If you’re interested in reading more about the amazing SmartFlower, this is a cool article featuring a video demo of its installment in Berlin and photographs in various U.S. locations: Flower-shaped Solar Panel Now Sold in the US by Megan Barber for Curbed.com. Just imagine if every public school and government property installed one of these or its like, let alone our endless sprawl of subdivided communities. Quite the sculptural, new age statement! And here’s an article from Stanford’s School of Earth, Energy and Environmental Sciences discussing a recent publication by the peer-reviewed journal Environmental Research Letters about the benefits of going solar on school campuses nationwide in order to save money on the exhaustive energy expenditures that come with running a campus, especially in places with the most sun exposure: What Happens When Schools Go Solar? Imagine all the funds that could be funneled back to actual education, including teacher salary, not to mention the benefits of the resulting clean air for our communities.

Not surprisingly, the study finds three large, sunny states – Texas, California and Florida – have the greatest potential for generating electricity from solar panels on school rooftops, with nearly 90 percent of institutions having at least some roof space suitable for installations. Meanwhile, residents in midwestern states including Wisconsin and Ohio stand to see the biggest reductions in key air pollutants – and costs associated with addressing related health effects – if schools switch from the grid to solar power. (Garthwaite, 2019)

Sources:

Hover, Flower or Syrphid Flies…

The results are in! After a night spent cooking in the iNaturalist.org forum, our photo of the mysterious native bee look-alike produced a genus type thanks to the keen knowledge of a gentleman naturalist who is a regular editor for Bugguide.net. And the results are…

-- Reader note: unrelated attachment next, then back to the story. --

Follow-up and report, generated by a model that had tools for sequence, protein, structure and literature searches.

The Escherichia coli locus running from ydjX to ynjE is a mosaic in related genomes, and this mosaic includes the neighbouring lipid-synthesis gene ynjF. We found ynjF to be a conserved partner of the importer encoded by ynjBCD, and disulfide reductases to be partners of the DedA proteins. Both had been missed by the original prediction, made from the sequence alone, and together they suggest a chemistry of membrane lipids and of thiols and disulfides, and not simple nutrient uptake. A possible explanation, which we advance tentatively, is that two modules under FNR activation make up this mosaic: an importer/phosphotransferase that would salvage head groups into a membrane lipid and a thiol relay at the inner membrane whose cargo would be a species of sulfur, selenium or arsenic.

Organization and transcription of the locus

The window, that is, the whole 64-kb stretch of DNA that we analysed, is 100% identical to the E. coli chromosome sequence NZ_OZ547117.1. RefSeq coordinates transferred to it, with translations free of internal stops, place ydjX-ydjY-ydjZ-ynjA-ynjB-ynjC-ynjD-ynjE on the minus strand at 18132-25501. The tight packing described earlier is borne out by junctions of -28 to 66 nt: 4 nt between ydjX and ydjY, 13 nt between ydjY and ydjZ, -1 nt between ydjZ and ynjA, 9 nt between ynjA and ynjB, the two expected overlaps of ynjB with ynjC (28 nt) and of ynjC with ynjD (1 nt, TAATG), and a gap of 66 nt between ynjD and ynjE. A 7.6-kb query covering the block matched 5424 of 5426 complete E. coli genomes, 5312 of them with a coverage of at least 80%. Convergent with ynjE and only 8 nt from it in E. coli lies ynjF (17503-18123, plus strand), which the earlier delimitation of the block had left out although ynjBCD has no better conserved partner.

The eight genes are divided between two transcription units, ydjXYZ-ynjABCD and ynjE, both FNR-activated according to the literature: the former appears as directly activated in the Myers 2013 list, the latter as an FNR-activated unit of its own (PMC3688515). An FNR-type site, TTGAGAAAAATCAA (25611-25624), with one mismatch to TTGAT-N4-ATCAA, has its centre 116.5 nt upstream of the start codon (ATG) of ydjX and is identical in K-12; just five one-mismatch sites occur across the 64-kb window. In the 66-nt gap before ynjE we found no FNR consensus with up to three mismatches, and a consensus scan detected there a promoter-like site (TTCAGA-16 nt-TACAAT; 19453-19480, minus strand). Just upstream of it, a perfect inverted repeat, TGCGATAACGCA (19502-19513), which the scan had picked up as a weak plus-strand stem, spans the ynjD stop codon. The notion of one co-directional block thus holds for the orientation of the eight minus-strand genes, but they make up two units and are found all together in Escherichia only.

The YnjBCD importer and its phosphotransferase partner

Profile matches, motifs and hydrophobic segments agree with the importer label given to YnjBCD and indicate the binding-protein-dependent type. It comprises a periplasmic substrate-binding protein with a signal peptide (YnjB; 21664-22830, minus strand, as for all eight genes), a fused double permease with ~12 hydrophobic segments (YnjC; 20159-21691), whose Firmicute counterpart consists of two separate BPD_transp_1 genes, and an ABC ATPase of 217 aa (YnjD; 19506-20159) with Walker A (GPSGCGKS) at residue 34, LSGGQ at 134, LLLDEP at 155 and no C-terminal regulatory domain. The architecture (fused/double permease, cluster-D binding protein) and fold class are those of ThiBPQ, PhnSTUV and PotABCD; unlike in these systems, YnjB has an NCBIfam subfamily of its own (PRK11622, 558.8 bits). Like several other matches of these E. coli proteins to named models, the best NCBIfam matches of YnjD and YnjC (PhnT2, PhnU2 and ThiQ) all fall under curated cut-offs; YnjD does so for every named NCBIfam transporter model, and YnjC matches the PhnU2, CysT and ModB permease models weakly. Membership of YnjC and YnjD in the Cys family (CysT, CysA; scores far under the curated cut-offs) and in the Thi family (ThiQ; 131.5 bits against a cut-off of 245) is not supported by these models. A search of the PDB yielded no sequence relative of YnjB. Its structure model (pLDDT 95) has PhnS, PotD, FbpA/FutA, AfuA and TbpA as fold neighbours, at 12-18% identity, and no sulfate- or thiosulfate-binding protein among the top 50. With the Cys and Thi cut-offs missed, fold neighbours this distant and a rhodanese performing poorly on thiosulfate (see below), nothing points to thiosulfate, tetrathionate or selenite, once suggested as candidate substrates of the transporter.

Allograpta! Otherwise known as hover, flower or syrphid flies. My three littles were so excited to hear the news, and were even more excited to know that the fly’s babies are deliberately laid amongst aphid colonies because it is their favorite food. (We’ve already witnessed the results of aphid voraciousness in past seasons.) I had read that coreopsis attracts pollinators with larva that prey on garden pests, but I did not expect such quick results.  The coreopsis plant “supports Conservation Biological Control (A plant that attracts predatory or parasitoid insects that prey upon pest insects),” Lady Bird Johnson Wildflower Center, University of Texas at Austin.

On closer examination I do remember seeing these fascinating winged creatures hovering in the gardens of my youth, and again wondering, fly or bee? Thanks to a little push from my kids to explore more out of doors, a little time taken to observe the precious intricacies of our garden, and the benefits of naturalist forums, this family has made a connection with the wonders of one unique fly. The photo still cooks amongst “Allograpta experts” if they bare an interest in identifying it in further detail, because apparently there are so many more variations in this genus and of course species. So keep your eyes open for this beneficial bee/wasp impersonating fly character whose babies might just save your garden in the most organic way.